Key Metrics for Product Managers to Track

Key Metrics for Product Managers to Track

It is really crucial for Product Managers to track the right metrics to measure how the product and business are tracking against the goals. In today’s data-driven world, Product Managers and business leaders have many tools at their disposal to track and measure business data. It is easy to get overwhelmed with data and it is even more critical to track the right metrics.

Overall Business Metrics

Here are some key business metrics that a Product Manager should track to give them a high-level view of product and business performance. These metrics would provide a good indication of the health of the overall business. These will also allow Product Managers to identify areas to dig into if these metrics are not moving in the right direction. So here they are.

Average Revenue Per User (ARPU)

Average Revenue Per User is a measure of average revenue you are making overall paying users your company has. These metrics give blended revenue over all your customers and all pricing/ products that they pay for. You would want to see your ARPU growing over time. A declining or flat ARPU could be an indication of problems in certain areas of business. For example, growing user count but declining ARPU could mean that customers are paying you less money. This could be due to customers signing up on your lower-priced products or features. So you might want to work on getting them to upsell them to other services.

ARPU = Total Revenue per user per month/ Total Paying users during that month

Customer Lifetime Value (CLV)

Customer lifetime value should be one of the core metrics for your product. Customer Lifetime Value indicates how much value a customer brings to your business over their life. It is calculated by a simple formula

CLV = Average Revenue per customer per month (ARPU) * Average no. of months users stay with you – Customer Acquisition Cost (CAC)

There are a few reasons, this is a crucial metric to track. It is a combination metric that gives an indication of a few different things. First, it tells you how profitable customers are during the time they use your service or product. You can grow CLV by either increasing ARPU from your customers or by keeping your customers longer. Second, it helps you determine how much money you can afford to spend on acquiring that customer to recover that money and make a profit over the lifetime of the customer. If your business is spending more money to acquire a customer than you make from them, then the business will eventually fail.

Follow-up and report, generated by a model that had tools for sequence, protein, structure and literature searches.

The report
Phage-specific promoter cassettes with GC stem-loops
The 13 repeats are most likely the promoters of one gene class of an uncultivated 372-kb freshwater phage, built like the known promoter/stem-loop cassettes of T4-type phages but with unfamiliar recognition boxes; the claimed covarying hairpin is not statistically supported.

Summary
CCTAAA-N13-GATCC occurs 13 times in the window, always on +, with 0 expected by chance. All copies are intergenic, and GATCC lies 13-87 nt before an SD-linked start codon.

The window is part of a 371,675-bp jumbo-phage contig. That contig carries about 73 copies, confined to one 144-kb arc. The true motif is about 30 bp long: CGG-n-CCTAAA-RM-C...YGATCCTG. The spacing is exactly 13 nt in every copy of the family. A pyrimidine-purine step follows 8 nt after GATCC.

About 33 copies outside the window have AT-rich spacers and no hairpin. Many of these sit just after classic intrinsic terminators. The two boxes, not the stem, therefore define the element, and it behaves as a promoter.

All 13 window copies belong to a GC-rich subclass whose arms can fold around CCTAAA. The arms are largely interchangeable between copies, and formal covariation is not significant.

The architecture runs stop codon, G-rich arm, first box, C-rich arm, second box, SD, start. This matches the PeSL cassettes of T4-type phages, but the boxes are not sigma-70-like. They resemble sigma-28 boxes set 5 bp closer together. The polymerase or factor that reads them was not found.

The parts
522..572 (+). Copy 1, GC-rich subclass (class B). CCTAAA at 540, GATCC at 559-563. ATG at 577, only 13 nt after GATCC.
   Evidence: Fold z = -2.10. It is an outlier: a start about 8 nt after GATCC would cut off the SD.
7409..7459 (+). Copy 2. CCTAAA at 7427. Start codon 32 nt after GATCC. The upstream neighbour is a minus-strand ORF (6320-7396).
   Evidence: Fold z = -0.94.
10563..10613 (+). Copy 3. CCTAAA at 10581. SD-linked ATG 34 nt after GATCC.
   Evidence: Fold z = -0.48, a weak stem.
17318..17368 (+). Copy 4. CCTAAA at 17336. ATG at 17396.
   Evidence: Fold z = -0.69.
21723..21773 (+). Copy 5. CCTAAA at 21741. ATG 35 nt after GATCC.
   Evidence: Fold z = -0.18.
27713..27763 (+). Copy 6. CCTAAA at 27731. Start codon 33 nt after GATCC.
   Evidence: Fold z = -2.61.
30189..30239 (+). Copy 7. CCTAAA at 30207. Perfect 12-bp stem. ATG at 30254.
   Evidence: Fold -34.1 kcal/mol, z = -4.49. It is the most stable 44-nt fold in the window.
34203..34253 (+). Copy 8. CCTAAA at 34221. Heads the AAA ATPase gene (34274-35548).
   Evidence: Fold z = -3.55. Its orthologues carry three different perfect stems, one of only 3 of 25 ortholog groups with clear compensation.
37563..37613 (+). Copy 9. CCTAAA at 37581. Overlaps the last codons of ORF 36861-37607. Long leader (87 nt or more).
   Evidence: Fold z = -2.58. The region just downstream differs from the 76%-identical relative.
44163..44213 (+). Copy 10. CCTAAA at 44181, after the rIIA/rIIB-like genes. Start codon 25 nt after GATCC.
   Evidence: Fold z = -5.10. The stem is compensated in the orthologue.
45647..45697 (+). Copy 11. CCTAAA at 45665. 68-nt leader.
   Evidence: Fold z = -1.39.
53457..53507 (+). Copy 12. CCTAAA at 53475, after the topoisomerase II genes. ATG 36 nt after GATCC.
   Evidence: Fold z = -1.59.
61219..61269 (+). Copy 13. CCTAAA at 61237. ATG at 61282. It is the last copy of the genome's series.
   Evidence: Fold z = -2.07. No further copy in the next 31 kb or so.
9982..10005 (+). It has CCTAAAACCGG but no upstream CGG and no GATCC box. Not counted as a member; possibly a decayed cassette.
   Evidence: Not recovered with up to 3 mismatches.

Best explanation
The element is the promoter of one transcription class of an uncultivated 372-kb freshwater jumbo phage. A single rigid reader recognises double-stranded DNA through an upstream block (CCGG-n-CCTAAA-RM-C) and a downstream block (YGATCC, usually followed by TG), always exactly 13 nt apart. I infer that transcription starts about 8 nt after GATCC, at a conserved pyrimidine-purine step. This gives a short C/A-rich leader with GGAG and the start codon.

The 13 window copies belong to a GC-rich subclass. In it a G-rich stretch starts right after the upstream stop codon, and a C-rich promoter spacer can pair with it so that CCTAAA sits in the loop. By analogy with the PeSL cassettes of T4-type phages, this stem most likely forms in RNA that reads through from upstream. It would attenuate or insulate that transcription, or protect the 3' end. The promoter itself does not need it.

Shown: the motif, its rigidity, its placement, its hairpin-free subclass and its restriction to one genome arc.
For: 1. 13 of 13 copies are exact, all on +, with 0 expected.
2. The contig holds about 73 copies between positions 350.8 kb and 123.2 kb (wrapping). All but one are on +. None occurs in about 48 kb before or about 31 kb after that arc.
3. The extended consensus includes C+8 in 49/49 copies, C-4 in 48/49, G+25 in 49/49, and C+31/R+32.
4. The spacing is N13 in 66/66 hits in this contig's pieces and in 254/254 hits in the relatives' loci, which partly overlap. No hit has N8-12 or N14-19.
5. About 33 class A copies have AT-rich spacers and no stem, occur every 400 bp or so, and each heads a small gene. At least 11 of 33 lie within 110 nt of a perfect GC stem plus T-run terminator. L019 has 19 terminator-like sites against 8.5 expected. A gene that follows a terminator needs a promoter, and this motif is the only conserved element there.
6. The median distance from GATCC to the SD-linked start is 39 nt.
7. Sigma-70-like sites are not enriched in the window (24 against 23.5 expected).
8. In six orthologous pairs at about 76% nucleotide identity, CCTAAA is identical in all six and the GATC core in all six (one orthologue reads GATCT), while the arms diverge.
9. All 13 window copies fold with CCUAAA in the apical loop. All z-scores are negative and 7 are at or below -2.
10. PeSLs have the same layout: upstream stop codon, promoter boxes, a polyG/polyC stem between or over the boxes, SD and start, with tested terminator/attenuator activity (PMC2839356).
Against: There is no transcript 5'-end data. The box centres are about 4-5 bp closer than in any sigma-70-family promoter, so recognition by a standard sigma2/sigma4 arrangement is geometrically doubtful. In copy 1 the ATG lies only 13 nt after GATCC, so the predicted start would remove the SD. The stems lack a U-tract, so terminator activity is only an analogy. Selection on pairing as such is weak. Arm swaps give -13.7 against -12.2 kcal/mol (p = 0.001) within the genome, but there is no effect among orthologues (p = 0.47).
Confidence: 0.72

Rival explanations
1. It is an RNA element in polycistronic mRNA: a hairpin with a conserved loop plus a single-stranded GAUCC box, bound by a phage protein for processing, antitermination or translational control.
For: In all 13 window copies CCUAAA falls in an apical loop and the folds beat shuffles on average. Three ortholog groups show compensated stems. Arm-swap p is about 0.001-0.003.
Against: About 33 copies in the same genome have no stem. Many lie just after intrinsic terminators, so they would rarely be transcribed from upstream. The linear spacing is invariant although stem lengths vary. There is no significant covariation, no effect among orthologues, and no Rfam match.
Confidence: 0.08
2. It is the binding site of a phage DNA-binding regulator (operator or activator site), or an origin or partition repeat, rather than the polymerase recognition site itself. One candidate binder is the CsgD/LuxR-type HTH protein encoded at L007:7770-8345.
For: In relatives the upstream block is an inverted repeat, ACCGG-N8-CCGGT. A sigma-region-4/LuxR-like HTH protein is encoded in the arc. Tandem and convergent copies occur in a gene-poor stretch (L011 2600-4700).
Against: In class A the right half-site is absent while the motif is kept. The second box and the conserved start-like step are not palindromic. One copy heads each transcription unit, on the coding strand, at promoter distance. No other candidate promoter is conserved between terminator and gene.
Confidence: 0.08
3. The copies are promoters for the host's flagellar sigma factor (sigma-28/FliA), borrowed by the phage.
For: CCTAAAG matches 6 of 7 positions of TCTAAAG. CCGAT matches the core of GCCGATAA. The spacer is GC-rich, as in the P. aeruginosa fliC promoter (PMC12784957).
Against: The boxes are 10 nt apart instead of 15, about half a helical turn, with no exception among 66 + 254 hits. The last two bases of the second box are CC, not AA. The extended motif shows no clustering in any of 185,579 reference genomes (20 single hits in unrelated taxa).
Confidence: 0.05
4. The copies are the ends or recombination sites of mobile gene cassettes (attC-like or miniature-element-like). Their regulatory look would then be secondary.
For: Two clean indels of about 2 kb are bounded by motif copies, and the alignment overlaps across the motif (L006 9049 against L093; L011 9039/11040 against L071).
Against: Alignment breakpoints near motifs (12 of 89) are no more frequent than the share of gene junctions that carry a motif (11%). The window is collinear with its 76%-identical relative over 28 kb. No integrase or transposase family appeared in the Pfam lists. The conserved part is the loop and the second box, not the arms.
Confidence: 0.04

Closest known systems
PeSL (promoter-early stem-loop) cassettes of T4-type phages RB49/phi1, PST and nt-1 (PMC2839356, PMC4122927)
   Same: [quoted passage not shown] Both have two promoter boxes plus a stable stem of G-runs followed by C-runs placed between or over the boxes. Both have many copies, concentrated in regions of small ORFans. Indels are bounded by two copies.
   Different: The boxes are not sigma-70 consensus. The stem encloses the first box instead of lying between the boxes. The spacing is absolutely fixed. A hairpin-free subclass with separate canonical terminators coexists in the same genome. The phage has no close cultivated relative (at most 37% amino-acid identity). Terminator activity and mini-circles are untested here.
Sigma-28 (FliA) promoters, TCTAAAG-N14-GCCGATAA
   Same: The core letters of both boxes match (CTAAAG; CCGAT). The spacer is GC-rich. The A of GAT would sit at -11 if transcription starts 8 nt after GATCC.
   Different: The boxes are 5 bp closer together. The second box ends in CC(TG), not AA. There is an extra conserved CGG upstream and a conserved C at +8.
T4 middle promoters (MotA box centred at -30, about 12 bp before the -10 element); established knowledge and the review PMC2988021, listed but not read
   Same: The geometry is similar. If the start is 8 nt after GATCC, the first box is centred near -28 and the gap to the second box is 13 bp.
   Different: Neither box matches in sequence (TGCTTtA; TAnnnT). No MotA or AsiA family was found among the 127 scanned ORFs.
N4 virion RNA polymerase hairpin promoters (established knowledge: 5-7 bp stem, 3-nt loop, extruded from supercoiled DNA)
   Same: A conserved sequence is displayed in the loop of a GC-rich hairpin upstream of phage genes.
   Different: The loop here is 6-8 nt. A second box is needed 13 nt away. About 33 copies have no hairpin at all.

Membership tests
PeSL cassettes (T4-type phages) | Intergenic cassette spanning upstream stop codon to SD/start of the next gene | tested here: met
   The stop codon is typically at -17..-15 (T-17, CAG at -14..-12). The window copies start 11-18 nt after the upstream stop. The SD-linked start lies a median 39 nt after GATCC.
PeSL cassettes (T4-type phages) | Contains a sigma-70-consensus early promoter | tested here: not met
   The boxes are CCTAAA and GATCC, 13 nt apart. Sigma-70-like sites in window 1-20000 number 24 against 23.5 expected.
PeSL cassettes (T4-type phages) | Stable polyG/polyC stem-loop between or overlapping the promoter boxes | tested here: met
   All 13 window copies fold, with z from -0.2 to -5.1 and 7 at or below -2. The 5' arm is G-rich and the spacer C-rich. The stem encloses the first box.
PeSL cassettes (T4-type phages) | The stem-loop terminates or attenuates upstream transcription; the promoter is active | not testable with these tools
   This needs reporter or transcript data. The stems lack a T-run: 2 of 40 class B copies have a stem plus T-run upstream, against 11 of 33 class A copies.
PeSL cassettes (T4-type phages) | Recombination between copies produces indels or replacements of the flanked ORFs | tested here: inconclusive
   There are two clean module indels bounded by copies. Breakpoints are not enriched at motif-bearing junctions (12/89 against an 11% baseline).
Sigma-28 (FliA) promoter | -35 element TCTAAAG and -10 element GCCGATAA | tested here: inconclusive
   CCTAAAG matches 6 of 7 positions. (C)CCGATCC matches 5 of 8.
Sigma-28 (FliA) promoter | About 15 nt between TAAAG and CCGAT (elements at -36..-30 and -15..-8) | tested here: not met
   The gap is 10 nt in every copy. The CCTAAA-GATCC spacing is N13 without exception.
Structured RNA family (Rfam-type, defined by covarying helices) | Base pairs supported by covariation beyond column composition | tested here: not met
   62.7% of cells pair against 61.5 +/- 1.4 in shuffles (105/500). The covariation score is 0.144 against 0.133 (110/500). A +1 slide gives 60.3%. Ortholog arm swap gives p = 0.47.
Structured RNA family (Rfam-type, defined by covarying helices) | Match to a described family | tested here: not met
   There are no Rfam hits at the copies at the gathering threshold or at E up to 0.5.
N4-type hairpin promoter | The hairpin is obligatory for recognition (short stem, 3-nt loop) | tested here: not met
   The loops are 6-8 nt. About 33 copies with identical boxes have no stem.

There is a simple rule of growing any business- acquire more users than you lose and keep these users for as long as you can. Typically, it is much harder and expensive to acquire new users than to retain existing users. Churn specifically tackles the problem of losing users. It is the rate at which a business loses its customers compared to what it started with.

User Churn = Users who canceled service during the period/ Users at the beginning of Period

So if your company started with 1 million users and you lost 10,000 during the month, your churn rate is 10,000/ 1M = 10%.

Note that users acquired during the period over which churn is calculated are not included in churn calculation but only the users who were paying customers at the beginning of the period are included.

Tracking and reducing churn is important to retain more users each month. Churn also affects the CLV of the user that I talked about earlier.

In addition to user churn that I described above, revenue churn is a related metric that indicates lost revenue, just like user churn indicates lost users.

Annual Recurring Revenue/ Monthly Recurring Revenue (ARR/ MRR)

Annual or Monthly Recurring Revenue is a good metric to measure for subscription or SAAS business. This metric tells you how much total recurring revenue your business is making on a monthly or annual basis. Product Managers would want to see this trend going up over time. If that trend goes down, that could mean your customers are paying you less every month. This, in turn, could be due to your business acquiring customers on lower-priced products. The ARR/ MRR could also decline if your old paying users are terminating service rapidly or new acquisitions have slowed down.

MRR is the total revenue from all customers in a month. Similarly, ARR is the total revenue from all customers in a year.

Customer/ Subscriber Acquisition Cost (CAC/ SAC)

CAC/ SAC is the average amount of money you are spending to acquire each user. As I mentioned above, you will determine your ideal CAC based on LTV analysis. Typically, you would want your LTV to be 2 to 3 times your CAC for a subscription business. That would mean that you are getting 2 to 3 times value from your new customers before they leave you.

These are high-level metrics for Product Managers to track overall business performance and health of the business. Your business goals and stage of business will also determine how much emphasis you put on each metric.

What metrics are you tracking for your product? How do you measure your key drivers and levers to steer your product and business in the right direction? I would love to hear your thoughts and comments.